MyTown Microgrid study wraps up with Town Hall event in Heyfield

Crowd shot from MyTown Microgrid project wrap up at Town Hall event in Canberra
This is a lightly-edited version of the official media release for the project’s community celebration event, with selected photographs from the evening added. The feature image for this post shows Rosemary Dunworth from the MyTown project’s Community Reference Group (CRG) addressing the June 2 evening event in Heyfield’s rooftop solar-powered Memorial Hall and Library building.

HEYFIELD, VICTORIA, JUNE 3: The community of Heyfield came together for a special Twilight Town Hall event last night, marking the conclusion of the three-year MyTown Microgrid project. 

The project, a collaboration between the Heyfield Community Resource Centre, Wattwatchers Digital Energy and the UTS Institute for Sustainable Futures, sought to understand Heyfield’s energy needs and tested the feasibility of a microgrid as one possible way the town could produce and manage sustainable, reliable and affordable energy.

The project, running from mid-2020 to mid-2023, has involved a range of community groups, from primary school students to business owners, and so it was fitting that last night’s event was a vibrant, family-friendly affair with games, food and live music.

The event was officially opened by Wellington Shire Councillor Carmel Ripper (pictured below), who shared her support for the MyTown project and explained her personal involvement in it, and Research Director Dr Scott Dwyer from the UTS Institute for Sustainable Futures presented the conclusions of MyTown’s research.

Wellington Shire Council Mayor, Ian Bye thanked project funding partners and key stakeholders, particularly the Heyfield community. 

“This project is part of an exciting trend in our region that is seeing renewable energy transition accelerating within Wellington Shire. Climate change is our number one Council priority and following the completion of the MyTown Microgrid project, Heyfield is now identified as a key locality for renewable energy development. With the scale of investment and the demand for more sustainable communities, we couldn’t be happier to discover what a renewable energy future could look like for the town of Heyfield.”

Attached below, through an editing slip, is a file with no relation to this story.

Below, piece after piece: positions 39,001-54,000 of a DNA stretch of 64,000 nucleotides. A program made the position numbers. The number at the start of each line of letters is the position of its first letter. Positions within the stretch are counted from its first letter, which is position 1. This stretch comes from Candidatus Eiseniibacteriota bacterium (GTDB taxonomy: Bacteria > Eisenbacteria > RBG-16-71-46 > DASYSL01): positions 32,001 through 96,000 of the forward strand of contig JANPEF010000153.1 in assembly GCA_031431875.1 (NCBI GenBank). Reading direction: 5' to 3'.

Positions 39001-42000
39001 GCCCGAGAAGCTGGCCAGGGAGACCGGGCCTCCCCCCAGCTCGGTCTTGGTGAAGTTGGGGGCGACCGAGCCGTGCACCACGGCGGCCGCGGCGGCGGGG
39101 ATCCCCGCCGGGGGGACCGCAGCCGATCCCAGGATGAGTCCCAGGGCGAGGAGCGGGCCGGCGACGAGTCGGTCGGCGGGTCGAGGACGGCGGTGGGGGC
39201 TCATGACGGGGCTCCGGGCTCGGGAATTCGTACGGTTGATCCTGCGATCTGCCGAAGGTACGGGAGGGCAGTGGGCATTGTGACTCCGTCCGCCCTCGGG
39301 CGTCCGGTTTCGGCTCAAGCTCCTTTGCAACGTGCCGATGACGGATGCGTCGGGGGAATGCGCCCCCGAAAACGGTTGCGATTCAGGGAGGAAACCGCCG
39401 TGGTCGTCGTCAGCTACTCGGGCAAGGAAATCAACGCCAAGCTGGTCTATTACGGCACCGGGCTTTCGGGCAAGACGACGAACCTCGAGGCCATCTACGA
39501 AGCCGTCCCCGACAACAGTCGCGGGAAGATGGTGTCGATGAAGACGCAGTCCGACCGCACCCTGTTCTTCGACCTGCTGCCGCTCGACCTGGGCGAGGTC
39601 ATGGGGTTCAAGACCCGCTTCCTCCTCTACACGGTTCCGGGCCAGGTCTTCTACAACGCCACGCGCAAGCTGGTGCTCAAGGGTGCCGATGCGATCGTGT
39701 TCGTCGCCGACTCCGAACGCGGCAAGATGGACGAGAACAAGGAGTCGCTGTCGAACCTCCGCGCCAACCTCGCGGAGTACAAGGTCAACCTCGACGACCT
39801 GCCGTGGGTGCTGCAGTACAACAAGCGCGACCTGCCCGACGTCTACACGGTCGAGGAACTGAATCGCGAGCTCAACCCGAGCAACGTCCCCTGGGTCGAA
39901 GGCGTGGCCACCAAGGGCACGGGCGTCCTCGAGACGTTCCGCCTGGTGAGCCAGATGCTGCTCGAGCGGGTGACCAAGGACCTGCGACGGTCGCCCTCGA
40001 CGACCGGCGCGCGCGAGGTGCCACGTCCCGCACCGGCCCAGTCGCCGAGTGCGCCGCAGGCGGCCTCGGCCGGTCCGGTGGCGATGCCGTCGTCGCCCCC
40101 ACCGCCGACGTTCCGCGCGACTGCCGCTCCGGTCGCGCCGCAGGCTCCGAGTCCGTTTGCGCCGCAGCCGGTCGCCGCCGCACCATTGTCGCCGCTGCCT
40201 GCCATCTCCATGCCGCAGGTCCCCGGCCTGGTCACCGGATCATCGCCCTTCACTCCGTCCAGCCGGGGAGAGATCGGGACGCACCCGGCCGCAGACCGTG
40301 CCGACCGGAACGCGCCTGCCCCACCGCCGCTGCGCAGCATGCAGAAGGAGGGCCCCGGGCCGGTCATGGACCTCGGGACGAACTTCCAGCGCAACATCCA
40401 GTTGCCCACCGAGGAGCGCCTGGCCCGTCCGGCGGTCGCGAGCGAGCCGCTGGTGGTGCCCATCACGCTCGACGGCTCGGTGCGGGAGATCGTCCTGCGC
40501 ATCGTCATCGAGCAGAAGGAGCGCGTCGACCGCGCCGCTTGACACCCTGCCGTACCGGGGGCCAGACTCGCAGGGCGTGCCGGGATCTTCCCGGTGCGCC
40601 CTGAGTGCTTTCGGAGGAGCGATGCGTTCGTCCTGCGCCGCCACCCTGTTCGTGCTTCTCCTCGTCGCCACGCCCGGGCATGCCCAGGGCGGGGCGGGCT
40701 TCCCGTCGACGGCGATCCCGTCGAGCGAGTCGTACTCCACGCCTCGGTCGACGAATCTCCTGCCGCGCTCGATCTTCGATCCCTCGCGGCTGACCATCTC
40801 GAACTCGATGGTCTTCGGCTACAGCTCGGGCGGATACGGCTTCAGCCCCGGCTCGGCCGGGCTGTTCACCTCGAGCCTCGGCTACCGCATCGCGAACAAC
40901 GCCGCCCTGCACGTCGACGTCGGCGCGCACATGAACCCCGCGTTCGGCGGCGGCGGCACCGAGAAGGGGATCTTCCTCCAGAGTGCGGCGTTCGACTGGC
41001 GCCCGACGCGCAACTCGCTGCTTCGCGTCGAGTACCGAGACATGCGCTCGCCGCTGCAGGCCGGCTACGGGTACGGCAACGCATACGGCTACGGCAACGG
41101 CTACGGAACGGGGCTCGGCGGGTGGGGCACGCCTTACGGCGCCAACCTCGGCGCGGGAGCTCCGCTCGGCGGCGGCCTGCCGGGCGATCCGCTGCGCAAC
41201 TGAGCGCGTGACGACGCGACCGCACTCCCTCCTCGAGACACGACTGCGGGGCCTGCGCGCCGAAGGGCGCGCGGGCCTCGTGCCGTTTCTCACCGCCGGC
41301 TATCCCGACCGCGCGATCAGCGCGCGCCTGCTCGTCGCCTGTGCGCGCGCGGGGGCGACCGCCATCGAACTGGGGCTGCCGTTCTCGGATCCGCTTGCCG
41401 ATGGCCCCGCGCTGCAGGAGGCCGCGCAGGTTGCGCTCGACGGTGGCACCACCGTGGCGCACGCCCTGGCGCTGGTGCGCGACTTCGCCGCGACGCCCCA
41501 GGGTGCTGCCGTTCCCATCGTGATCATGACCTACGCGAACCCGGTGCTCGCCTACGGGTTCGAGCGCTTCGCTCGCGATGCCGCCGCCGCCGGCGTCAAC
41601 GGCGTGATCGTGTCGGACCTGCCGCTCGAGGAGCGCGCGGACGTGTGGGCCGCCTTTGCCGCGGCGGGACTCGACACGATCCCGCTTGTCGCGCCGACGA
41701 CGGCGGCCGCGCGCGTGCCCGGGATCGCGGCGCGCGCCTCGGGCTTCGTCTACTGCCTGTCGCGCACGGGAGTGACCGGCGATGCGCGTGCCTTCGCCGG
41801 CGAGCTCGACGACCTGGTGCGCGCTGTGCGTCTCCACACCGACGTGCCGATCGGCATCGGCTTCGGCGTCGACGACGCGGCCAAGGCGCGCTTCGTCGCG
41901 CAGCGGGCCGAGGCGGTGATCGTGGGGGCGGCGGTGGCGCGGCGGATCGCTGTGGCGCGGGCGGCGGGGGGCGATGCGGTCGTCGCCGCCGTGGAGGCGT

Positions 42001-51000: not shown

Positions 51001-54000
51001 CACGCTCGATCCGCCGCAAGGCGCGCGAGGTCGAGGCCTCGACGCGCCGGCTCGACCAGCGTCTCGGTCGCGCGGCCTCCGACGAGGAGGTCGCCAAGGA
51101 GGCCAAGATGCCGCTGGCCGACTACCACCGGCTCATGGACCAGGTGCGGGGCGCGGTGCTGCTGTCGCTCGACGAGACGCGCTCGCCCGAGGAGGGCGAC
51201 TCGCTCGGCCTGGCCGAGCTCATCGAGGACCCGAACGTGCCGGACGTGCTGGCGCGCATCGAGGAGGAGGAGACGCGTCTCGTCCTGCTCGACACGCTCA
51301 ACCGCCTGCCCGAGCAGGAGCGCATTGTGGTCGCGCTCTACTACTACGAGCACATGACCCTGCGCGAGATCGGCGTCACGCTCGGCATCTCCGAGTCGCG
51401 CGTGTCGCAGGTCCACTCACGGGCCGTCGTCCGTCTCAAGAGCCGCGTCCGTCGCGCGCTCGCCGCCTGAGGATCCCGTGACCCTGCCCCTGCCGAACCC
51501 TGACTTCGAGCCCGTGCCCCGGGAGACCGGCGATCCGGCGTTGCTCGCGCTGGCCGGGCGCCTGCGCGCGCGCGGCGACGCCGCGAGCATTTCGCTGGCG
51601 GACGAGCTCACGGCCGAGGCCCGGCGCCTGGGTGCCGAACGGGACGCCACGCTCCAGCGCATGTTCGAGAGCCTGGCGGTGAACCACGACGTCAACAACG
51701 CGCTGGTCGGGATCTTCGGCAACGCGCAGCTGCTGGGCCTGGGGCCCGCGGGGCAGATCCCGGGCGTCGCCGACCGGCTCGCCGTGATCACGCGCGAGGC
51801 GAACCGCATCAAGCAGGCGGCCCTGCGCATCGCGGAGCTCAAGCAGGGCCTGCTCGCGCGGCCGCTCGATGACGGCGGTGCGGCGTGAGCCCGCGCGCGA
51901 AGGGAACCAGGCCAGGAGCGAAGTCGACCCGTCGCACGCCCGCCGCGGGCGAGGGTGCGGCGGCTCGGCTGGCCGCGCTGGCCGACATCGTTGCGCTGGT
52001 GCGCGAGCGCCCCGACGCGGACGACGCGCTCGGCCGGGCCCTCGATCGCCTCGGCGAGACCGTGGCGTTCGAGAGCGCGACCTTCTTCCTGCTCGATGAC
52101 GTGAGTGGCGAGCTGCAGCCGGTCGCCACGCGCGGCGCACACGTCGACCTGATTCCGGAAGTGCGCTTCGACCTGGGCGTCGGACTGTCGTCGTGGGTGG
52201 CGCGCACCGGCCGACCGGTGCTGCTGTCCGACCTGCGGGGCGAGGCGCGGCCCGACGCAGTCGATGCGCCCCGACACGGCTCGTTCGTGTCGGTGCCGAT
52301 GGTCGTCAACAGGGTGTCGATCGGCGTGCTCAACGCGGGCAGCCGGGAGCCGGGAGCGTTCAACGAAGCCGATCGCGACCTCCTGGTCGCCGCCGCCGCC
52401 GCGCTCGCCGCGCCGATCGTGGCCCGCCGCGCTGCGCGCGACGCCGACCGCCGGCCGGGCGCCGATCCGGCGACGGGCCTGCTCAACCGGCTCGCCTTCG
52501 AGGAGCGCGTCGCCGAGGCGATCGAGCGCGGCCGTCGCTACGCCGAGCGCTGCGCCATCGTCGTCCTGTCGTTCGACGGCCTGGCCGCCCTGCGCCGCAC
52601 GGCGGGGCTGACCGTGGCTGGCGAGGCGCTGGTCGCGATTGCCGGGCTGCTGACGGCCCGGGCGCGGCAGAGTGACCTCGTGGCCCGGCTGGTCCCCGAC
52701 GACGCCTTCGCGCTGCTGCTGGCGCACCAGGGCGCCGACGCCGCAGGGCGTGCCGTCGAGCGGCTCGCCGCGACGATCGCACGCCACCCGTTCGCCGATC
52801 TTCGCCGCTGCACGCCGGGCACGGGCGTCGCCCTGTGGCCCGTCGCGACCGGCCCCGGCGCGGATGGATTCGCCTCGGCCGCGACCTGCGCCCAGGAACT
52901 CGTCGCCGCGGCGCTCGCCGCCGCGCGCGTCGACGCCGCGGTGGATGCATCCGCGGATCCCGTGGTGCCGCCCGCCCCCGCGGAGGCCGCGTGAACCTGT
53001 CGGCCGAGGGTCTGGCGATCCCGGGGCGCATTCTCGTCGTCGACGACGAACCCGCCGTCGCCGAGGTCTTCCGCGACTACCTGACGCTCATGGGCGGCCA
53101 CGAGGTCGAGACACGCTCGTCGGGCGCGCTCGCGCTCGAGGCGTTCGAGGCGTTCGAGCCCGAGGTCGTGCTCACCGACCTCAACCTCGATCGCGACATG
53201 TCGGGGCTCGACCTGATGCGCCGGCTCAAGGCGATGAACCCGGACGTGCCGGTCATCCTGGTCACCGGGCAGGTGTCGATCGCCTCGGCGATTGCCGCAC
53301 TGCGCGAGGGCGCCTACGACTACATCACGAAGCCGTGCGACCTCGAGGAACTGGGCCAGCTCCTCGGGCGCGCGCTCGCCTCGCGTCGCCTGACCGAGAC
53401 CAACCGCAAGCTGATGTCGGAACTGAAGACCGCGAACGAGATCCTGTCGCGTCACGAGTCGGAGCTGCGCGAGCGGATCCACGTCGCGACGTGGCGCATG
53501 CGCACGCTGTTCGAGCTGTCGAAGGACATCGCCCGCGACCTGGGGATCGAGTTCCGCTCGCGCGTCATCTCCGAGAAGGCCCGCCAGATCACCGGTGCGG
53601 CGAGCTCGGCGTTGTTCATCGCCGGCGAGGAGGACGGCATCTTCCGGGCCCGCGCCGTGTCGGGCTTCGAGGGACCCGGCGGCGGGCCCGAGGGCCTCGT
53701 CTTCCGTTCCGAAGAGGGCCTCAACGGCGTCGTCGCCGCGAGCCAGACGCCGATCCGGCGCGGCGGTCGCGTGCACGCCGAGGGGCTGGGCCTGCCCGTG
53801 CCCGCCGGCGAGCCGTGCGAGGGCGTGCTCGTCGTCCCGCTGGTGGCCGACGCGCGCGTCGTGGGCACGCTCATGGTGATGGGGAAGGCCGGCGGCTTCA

Dr Dwyer shared that, while a microgrid proved to be the wrong fit for Heyfield, the MyTown process has helped to bring the community closer to reaching their energy goals. 

“We discovered that a microgrid didn’t offer enough benefit for the town – but we also discovered some other options that look much more promising,” Dr Dwyer explains. 


“Now Heyfield knows exactly where it needs to focus its efforts, while it has already built the capacity and knowledge it needs for the next step in the journey towards a better and fairer energy future.”

One of the MyTown project’s key features was gathering energy-use data from homes, businesses and community facilities across Heyfield, anchored by Wattwatchers smart monitoring at over 100 locations, in order to help the community to understand the town’s energy usage, solar generation and future needs in the era of electrification and decarbonisation. Along with this came a crash course in energy literacy.

Wattwatchers CEO Gavin Dietz thanked the Heyfield community and said MyTown had offered his company a transformative opportunity to engage at customer and community levels, putting real-time energy data in the hands of Heyfielders, and also the project’s research teams. (Wattwatchers was represented at the celebration event by its MyTown project team, Program Manager Tim McCoy, and Head of Impact and Communications Murray Hogarth.)

“Our team members have loved the interactions with the Heyfield community across local residents, businesses, industry and community facilities including the two schools. We think of Heyfield as Wattwatchers first ‘energy data town’, and we are now getting opportunities to empower other communities with energy data as well.”   

Julie Bryer of the Heyfield Community Resource Centre spoke about the journey that she and the community had been on prior to the start of the project and how much she had learned throughout MyTown.

Julie (pictured below) said, “It’s been so rewarding watching how small ideas can evolve into bigger possibilities.”

Julie Bryer speaking at Heyfield Town Hall event for the MyTown Microgrid project, used in Wattwatchers blog post.

Heyfield’s experience of the MyTown project has gone a long way to helping other communities interested in managing their own energy supply. The project has informed two online resources, both of which were demonstrated at last night’s event. 

The first is the ADEPT platform, a (Wattwatchers) system that aggregates the energy data collected, and the second is the MyTown Decision Support Tool, an online app designed to help other communities navigate the process of choosing which energy option is best for them.

Pictured below: Wattwatchers’ Murray Hogarth (left) and Tim McCoy (right) with Heyfield local Emma Birchall, the MyTown project’s community liaison officer.

More information about MyTown Microgrid

Media enquiries

Emma Birchall, MyTown Community Liaison Officer

Heyfield Community Resource Centre

emma@mytownmicrogrid.com.au

0424 922 765

Amber McCulloch

UTS Institute for Sustainable Futures Marketing and Communications Lead

amber.mcculloch@uts.edu.au

0415 205 987